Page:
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Judea

Ekev (Because) Deuteronomy 7:12 – 11:25

Throughout their desert experience, the Children of Israel felt the pull to return to Egypt, and Moses needed to enable them to understand the advantages of freedom, which is accompanied by servitude to G-d. Therefore, it was critical that the Children of Israel be reliant upon G-d for their food and water and understand that simple food and water from G-d as free persons is preferable to watermelon and fish in Egypt as slaves.

Va’etchanan (And I Beseeched) Deuteronomy 3:23 – 7:11

The Torah portion is uplifting as well. For in this week’s portion, we read the Ten Commandments, as repeated by Moses in Deuteronomy. For this section of the Torah reading the entire congregation stands, as if to relive that incredible experience at Mt. Sinaiso many centuries ago.

Devarim (Words) – Deuteronomy 1:1 – 3:22

On the 9th of Av we also read the book of Lamentations, that terribly poignant description of the destruction of the First Temple written by Jeremiah, an eye-witness to the events he describes.

Matot/Masei  (Tribes/Travel) Numbers 30:2 – 36:13

The people of Israel are the only people in the world who were exiled from their land for 2,000 years and yet remained intact as a people and as a faith. What kept us going all those years was the fact that we had the Torah, the Bible, as a guide through the years of exile, and we had a land to yearn for.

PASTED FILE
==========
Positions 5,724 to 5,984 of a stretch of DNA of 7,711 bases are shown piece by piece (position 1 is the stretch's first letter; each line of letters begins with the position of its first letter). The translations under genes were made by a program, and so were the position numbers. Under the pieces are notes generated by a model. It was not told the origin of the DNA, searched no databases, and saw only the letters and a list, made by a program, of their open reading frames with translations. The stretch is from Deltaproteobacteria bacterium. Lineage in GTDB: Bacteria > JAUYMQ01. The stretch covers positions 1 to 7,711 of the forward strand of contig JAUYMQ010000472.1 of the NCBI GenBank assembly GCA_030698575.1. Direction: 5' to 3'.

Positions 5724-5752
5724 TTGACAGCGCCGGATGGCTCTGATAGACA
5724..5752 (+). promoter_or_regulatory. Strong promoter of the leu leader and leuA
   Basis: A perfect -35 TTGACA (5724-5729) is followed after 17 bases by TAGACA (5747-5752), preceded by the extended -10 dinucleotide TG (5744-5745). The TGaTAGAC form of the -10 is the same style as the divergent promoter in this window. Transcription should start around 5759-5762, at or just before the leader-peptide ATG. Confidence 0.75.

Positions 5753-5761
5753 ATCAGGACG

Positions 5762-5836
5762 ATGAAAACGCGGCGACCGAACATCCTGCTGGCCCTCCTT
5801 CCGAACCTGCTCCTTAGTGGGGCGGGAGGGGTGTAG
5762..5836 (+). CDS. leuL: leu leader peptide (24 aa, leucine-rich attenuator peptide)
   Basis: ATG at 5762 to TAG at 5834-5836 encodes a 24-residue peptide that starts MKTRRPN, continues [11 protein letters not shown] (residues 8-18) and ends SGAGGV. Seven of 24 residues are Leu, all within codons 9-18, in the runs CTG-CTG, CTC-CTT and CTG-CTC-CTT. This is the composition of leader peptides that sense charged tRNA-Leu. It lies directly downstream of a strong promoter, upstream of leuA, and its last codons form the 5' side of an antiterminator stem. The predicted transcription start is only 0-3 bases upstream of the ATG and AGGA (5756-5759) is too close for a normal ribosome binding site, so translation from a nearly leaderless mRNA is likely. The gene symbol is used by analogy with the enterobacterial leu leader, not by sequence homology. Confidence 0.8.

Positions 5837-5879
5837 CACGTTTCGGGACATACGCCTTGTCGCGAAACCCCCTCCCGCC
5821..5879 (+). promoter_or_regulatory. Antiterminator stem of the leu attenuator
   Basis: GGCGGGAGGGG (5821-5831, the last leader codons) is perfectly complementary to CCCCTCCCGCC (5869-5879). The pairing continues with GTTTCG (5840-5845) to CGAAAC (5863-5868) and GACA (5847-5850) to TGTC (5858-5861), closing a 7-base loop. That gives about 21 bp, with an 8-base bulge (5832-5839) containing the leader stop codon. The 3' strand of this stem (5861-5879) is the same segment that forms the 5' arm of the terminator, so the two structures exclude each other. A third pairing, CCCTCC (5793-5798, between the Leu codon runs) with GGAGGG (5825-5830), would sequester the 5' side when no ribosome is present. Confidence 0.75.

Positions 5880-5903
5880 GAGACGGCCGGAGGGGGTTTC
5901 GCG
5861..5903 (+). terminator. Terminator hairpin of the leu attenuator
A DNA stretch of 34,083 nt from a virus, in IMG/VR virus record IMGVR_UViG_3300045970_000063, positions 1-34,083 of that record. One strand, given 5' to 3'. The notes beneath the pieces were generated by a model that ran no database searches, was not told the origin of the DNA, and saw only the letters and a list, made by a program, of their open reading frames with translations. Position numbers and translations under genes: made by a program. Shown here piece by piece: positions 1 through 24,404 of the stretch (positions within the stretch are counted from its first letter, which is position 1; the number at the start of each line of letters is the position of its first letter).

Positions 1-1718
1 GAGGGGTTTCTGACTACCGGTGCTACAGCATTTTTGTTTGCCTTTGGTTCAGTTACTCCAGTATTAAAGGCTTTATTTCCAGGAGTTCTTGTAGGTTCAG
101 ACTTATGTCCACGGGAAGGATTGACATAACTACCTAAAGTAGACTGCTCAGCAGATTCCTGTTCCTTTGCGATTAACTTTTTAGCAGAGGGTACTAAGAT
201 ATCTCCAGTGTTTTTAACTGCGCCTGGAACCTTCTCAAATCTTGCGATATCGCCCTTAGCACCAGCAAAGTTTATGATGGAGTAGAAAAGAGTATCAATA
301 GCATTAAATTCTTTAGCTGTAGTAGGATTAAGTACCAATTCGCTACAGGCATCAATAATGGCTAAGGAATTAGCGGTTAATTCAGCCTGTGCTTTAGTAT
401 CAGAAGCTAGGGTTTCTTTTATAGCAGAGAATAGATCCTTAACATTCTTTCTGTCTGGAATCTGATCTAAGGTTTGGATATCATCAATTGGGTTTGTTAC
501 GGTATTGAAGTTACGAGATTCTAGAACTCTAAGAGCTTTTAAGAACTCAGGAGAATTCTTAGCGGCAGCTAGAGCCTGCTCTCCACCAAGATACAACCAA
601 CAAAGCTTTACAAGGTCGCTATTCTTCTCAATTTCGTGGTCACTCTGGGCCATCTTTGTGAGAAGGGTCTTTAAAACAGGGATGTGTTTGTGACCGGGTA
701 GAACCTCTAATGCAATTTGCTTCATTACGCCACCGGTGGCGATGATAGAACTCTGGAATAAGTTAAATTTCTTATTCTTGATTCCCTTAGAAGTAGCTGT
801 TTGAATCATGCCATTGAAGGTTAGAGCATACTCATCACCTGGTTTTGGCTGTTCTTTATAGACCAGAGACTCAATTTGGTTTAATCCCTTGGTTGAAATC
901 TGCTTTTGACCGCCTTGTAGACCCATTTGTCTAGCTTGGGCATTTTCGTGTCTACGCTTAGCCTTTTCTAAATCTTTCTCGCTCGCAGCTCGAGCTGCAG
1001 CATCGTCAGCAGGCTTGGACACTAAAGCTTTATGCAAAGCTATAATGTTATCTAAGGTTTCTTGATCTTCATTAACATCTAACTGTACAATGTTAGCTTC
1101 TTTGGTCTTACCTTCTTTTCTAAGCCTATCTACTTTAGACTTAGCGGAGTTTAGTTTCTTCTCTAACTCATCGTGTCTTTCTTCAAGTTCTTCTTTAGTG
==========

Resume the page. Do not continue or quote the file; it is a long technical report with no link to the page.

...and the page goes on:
Pinchas (Phinehas) – Numbers 25:10 – 30:1

Numbers 27:12-23: “And G-d said to Moses, Go up to this Mt. Avarim and see the land that I have given to the Children of Israel.” So begins a moving dialogue between G-d and Moses towards the end of Moses’ life.

Balak (Balak) – Numbers 22:2 – 25:9

The story of Balaam and his desire to curse the children of Israel is a fabulous one. At the request of Balak, King of Moab, he tries to curse Israel, but at each opportunity, G-d prevents him from doing so. Finally, without a choice, he blesses the nation of Israel in some of the most beautiful verses in the Bible.

Hukat (Statute) – Numbers 19:1 – 22:1

Numbers 20 presents a fascinating story, the story of the death of Miriam and the subsequent loss of water. Verse two: And the nation settled in Kadesh and Miriam died there and was buried there. Verse three: And there was no water for the nation.

Korach (Korah) – Numbers 16:1 – 18:32

The Levite tribe is set aside as a separate tribe in Israel, dedicated to worshipping G-d on behalf of the nation of Israel in the Temple and, therefore, prevented from owning land or receiving their own tribal territory.

Shelach (Send Forth) – Numbers 13:1 – 15:41

Moses sends the leaders of the twelve tribes of Israel to check out the land of Israel, to investigate its people and evaluate their strength or weakness, to taste the fruits and crops and determine the fertility of the land.